You have to hold the browned clay cup by the top. It does not conduct chai heat as rapidly as metal cups, but, as it is poured freshly boiled at the Assi Ghat river front, the view and potential for tongue burns encourage opportunity filled patience. We get 4, one for each of us and one for our new Sadhu friend, Amrit. A Sadhu is, in some ways, comparable to a Hindu nomad who has relinquished a ‘normal’ life for religion. He does not have and does not need many things. He wears only a red turban head wrap and a red cloth for underwear. In the winter, he tells us, sometimes he gets another piece of cloth for his top half. It is enough. For now he cooks in the same spot in the sun. His skin is like tanned leather, sun wrinkled. His age is undetectable other than ‘old’ because of this. His frame is wirey but in no way weak, he maintains the same skyward sitting posture on a stone ledge all day until he sleeps. He does not need to move to find shade. The world revolves around him and the tree he sits under provides intermittent and shifting protection. “I like this Ghat because it only has two steps,” he tells us sipping chai, “the toilet has a hand rail.” He is disabled. A motorcycle accident 10 years ago crushed one of his vertebrates irreconcilably. He does not worry, without fault people bring him food and cigarellos. Varanasi has systems for their Sadhus. In this moment I realize that Varanasi is valued for more than just some religious phenomenon – it consists of a spiritual community. Amrit is a living encyclopedia of India. He has been all over. “Sadhus are outside of Indian law, if we want to go somewhere we get on the train. No ticket, no questions.” He planted himself on his dusted brown rock steeple 6 months ago now. He tells us he will be here for some time. We plan to come back to pick the mind as vast as India.

***

Sometimes, coming in, I cross the speckled marble in flippant Dad Sandals. Else, I am barefoot. The smooth stone conducts heat but not the dirt from the soles of my feet. The hallway ascends 5 floors on one side to our morning rooftop yoga practice. On the other it retreats into a wide room full of beautifully sheeted floor mattresses. The idea of chairs becomes a ridiculous notion when I am so surrounded by comfortable meeting space options. I decide if I am ever to be a CEO every conference room will be filled with comical trampoline flooring. Raj greets me from the kitchen entryway with the brightest glowing smile. We have a secret handshake. He refers to me by my Hindi name – Lakshman. His job at the program house consists of mostly everything. Being goofy with us is his true passion. On day one our classic Hindi teacher informs us how to respond “I am fine.” On day one Raj teaches me how to proclaim “I am 200% amazing!” We do not yet share much language between us but I can feel that, of whatever energies we are all made of, his and mine are much alike.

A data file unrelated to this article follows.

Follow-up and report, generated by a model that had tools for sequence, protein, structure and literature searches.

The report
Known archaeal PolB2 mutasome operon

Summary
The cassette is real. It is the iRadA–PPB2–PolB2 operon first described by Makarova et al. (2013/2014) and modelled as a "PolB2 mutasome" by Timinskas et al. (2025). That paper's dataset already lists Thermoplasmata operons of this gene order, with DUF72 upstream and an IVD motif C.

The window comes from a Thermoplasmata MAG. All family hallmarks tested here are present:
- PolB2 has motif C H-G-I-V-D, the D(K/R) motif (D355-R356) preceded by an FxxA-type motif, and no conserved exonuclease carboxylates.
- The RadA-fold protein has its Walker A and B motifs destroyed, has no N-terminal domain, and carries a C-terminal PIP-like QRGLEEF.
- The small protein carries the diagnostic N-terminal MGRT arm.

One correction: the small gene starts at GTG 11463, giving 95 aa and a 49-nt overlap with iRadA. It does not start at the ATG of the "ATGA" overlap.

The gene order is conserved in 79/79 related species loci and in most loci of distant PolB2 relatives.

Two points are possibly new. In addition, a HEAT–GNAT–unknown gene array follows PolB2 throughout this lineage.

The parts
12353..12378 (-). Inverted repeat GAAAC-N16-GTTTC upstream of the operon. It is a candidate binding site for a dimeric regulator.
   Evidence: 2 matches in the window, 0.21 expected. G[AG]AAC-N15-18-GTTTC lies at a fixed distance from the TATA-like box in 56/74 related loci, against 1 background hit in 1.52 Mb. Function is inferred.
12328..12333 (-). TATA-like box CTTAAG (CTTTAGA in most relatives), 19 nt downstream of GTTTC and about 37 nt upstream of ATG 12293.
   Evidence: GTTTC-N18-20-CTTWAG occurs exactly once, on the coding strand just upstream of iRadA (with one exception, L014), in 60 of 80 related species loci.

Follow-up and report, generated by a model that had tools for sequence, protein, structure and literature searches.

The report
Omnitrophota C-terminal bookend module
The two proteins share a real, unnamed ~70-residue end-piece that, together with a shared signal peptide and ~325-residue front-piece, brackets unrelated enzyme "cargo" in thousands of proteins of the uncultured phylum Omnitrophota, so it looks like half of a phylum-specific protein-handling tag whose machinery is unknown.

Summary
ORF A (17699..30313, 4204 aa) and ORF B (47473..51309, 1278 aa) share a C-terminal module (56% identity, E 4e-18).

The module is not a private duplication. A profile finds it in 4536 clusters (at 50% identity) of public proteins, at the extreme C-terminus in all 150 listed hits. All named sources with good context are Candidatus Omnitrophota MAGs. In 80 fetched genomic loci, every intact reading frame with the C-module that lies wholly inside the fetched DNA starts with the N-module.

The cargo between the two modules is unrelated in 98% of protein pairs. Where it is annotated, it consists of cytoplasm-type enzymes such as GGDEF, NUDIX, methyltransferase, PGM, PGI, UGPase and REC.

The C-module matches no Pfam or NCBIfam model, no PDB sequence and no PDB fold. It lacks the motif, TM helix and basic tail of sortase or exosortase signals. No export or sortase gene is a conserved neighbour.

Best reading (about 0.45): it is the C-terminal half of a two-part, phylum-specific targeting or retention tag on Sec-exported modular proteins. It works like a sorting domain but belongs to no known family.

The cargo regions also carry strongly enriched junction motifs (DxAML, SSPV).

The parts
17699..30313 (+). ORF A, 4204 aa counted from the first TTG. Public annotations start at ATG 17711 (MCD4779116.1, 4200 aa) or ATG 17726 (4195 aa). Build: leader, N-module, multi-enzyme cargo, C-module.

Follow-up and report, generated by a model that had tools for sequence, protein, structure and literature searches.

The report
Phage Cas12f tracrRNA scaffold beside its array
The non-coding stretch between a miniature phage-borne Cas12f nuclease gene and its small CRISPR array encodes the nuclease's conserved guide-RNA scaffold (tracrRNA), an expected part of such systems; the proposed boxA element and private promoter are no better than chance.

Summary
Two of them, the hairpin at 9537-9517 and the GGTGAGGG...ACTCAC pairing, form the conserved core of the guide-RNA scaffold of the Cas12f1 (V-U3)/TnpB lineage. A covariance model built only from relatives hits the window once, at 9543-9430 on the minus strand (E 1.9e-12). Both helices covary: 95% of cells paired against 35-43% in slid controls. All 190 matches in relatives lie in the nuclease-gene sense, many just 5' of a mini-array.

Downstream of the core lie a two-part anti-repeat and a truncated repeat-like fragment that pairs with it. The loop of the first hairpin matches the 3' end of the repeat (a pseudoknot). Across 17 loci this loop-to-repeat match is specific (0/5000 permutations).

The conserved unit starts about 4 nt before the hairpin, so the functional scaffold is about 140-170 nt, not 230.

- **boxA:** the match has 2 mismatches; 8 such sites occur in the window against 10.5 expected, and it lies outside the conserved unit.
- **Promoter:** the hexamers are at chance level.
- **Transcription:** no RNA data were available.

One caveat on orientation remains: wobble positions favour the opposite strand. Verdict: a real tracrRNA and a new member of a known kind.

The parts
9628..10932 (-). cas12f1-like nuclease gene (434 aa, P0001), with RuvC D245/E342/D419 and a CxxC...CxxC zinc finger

***

I make it a challenge to buy the cheapest kurta shirt I can find. It is an ironical gold and at the price of 150 rupees is worth roughly 2 USD. The fabric, Suresh assures me, is as cheap as it comes. I could not be more thrilled with my purchase. The thinness and openness of the cloth allows air to pass right through me. This is ideal in Varanasi’s humid heat. It is stylish too – 3 wood cylinders pass through loops as button mechanisms. I notch up only 2, stripping and changing in the 8 ft x 8 ft space filled by myself, Suresh, a middle aged French woman and my new friend Maria from Denmark. Foreigners often gather in his tiny glass box insulated with stacks of clothing as hideaway from the external heat. Suresh has a tangible energy which naturally draws people to his shop – there is no pressure, you feel at home. My AP Literature teacher used to commend trilinguism as genius. Suresh knows at least 6 languages and parts of others because of his budding relations with anyone who visits. He has made a business of honesty and friendship of which clothing purchases are an agreeable side effect. He details for me, the economic skeptic, his supply chain from fabric market to final product. In total he will make 30 cents from my kurta purchase. I know that this little glass box will not only be good for price checking but friend making, too. “Siddhartha, who would become a Buddha, left royalty behind to pursue his truth” he begins as we step out his storefront, “when you listen to yourself instead of as others would see you, you will find yourself much happier-ji.” I love my kurta, its gold glimmers wiser than Louis Vuitton.

***

I was born in the darkness. I could not see the colors. Here, in Varanasi, the hues of life have begun to swirl together in organized chaos. There, where I am from, unpainted greed masquerades as law and order. No, mama you are right, we have not burned Ravan. Mama, I must tell you I find Ravan massive and very hard to burn. Mama, I think I have made it to the city of light to see the power of fire, to be 200% amazing, to live outside of time, to discover tea cooling, to bask in little glass boxes and ride in rampant streets. Mama, I really do hope one day that we will be able to burn Ravan.